By Jess Hodges
The tea industry in Sri Lanka was begun in 1867, back when the country was known as Ceylon, by a British man called James Taylor. Since then it has grown to be a industry accounting for 15% of the countries GDP, employing over 1 million people and only recently surpassed by Kenya as the worlds biggest exporter of tea.
Tea was planted as an alternative crop to coffee, which had been the countries primary cash crop before it was devastated by a fungal disease in 1869. Tea production really took off in the 1880s and continued to go from strength to strength until in 1965 Sri Lanka was exporting more tea than any other country.
As with many large scale commercial products, the story of tea is not always a nice one and the conditions for plantation workers in Sri Lanka can be extremely poor, especially for the women who make up the majority of the workforce.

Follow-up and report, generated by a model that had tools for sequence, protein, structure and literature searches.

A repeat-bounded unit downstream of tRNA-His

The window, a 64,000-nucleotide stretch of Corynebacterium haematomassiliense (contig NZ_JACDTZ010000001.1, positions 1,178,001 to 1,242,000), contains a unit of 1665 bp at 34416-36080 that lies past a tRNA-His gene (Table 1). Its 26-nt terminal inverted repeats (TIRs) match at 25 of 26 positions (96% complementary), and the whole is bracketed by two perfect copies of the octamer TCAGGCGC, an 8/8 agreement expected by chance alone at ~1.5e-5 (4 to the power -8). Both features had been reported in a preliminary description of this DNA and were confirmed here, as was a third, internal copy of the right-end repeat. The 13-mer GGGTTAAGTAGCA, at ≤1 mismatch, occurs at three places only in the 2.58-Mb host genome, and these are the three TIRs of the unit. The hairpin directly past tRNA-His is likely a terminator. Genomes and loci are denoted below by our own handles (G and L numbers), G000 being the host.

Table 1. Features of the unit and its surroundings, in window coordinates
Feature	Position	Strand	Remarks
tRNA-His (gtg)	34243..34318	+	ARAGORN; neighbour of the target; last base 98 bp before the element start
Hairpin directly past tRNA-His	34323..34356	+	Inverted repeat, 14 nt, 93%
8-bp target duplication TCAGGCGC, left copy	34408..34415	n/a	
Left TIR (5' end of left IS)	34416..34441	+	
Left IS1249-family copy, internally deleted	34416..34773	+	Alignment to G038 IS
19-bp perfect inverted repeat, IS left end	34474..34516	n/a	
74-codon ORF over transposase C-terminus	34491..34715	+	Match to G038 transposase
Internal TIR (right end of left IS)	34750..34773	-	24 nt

Ceylon tea is famous all over the world, particularly the black tea which has a bright, citrus flavour and golden colour. The quality of the tea varies with the height of the plantation with the best leaves being grown between 3500 and 7500 feet above sea level.
The rise of the tea bag has been bad news for the export market of Sri Lanka with most of the high quality tea being produced in such a way that it is unsuitable for bagging. The industry has also been hit by drought, seriously reducing production rates.
The story of tea in Sri Lanka has been a tempestuous one and it looks set to continue in that vein.
Tuesday, September 21, 2010
By Jess Hodges